“Why has Exchange been running so slow? I’ve checked everything in the O365 administration portal. The message transfer agents, the databases, and all the services are green. It must be networking! Can we check the network? I am sending the ticket over!”

When a service was located in the private data center, IT had control of almost every aspect of it. They had access to every layer of the service. Hardware, virtualization, storage, OS, application, and network. They could instrument, tune and, if needed, adjust. And because network challenges were mostly limited to the data center, the issue of latency did not often enter the picture.

Moving to the cloud flipped the script from a monitoring perspective. The old monitoring tools no longer worked. Instead, IT had to leverage the vendor’s portal. Their view into the service was limited. They must trust the provider provisioned their hardware properly, that they tuned their systems to meet demand, that the service was patched, and most of all, because the service was no longer in their private, controlled data center, latency now entered the picture front and center.

To maintain a competitive position for the business, IT has been asked to invest in services designed to ensure the productivity of a suddenly remote workforce. While a major challenge, it’s also an opportunity for IT to define the new technologies that will connect users to important business resources, such as Microsoft 365, Salesforce, and SAP. This has created the need for a new capability delivered from the cloud, and part of a security services portfolio at many companies: Digital Experience Monitoring.

By extending access out to the remote workforce, every user, application, and device has now been connected to the public internet. Unlike a traditional enterprise network, IT does not control the internet.  User performance issues are often created because of jitter or loss of application availability, which are often caused by a configuration mistake, or an issue such as a denial-of-service attack. We need a new approach to securely and seamlessly control access over the internet so users can have the best experience.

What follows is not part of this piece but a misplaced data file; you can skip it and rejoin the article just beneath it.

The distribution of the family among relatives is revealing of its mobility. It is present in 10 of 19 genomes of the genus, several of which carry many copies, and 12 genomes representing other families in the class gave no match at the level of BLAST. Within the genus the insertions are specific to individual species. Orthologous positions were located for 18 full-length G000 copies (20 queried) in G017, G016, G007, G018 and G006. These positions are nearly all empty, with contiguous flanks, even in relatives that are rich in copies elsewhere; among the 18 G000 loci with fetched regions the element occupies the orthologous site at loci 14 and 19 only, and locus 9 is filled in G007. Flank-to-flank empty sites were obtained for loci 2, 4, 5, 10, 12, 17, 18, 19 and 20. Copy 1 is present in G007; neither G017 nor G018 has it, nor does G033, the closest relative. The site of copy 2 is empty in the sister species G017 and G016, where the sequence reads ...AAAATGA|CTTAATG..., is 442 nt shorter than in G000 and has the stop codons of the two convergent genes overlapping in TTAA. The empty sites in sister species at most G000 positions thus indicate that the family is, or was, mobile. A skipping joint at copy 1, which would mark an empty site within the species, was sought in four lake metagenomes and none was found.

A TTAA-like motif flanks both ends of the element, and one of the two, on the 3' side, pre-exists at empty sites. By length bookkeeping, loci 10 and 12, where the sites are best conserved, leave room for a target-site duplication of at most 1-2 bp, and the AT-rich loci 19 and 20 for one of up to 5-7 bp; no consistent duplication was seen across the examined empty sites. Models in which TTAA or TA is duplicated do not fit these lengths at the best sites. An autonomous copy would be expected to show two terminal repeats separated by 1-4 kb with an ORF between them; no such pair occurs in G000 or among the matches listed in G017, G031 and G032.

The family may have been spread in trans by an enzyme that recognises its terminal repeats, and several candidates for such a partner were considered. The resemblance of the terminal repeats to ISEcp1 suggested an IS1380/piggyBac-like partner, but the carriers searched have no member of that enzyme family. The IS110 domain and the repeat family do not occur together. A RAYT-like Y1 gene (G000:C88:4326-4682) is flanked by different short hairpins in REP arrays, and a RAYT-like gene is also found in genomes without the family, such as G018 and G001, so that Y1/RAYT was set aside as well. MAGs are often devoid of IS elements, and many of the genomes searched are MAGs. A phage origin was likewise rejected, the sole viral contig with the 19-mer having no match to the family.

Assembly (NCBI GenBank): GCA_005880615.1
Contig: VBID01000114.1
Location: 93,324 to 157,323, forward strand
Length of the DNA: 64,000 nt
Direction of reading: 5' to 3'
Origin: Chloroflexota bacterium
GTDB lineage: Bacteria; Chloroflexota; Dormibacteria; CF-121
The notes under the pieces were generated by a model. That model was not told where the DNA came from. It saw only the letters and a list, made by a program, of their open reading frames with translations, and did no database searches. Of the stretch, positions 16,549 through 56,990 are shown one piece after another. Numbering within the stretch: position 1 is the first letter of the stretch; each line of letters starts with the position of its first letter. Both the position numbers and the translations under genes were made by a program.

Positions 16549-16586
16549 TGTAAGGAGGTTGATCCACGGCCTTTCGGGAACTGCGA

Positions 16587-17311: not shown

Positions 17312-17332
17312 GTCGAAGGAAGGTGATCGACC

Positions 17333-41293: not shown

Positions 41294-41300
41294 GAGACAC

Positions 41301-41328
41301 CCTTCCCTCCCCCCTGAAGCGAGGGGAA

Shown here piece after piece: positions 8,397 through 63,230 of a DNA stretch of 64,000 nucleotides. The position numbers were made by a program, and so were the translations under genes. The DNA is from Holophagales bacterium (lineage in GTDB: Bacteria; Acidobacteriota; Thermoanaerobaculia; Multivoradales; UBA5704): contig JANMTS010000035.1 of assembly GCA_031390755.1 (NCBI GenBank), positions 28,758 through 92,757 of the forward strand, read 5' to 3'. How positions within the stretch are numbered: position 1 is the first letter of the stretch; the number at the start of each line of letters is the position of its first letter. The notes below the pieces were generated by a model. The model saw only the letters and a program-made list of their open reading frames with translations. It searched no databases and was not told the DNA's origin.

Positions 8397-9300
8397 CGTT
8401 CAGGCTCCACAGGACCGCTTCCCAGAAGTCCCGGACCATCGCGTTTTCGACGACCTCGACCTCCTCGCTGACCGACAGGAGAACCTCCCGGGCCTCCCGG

Three pillars of digital experience

  • Simple: For far too long, tooling to measure and monitor application performance have been complex, hard to understand and targeted at the engineering teams. The design intent of cloud delivered security services is to quickly detect the problem, alert the end user, arm them with the relevant information, or quickly escalate to the first level of support for resolution. Doing so reduces the burden on an already taxed IT staff and promotes self-service as the modern workforce has become more adept at solving IT issues because of the consumerization of technology.
  • Fast innovation cycle: Cloud-native security platforms are built with the same software defined flexibility that has come to networks. Most security services are hybrid, running on multiple public cloud providers such as AWS, Google Cloud, and Oracle Cloud. As a result, development goes fast, as does the innovation cycle. At the security platform level, it’s now possible to incorporate feedback from customers in weeks, not quarters. The major cloud providers are constantly innovating and upgrading their capabilities as they compete for customers.
  • Built for the future: On the backend, these cloud-native security solutions are pulling from a data lake which includes not only network telemetry, but also insights from agents and security data. This allows for queries into the state of the network, devices, and applications. 

As an example, an operations team member can proactively probe the data to understand trends which could impact the workforce. What if, after conducting a review of recent tickets, the team sees a rise in tickets involving application performance that’s not caused by the network or the application. Instead, the devices are suspected. What if the operations team had the ability to ask the data lake about the device and it returned a result that 100% of the tickets involved older laptops with minimum levels of memory? That’s incredibly valuable actionable intelligence. This moves the operations team from a reactive to proactive stance. 

Helping the modern enterprise move faster at lower cost and supporting the demands of the modern workforce. That’s what security services delivered from the cloud are all about. Companies can’t do this without prioritizing and incorporating monitoring for digital experiences.

John Spiegel, director of strategy, Axis Security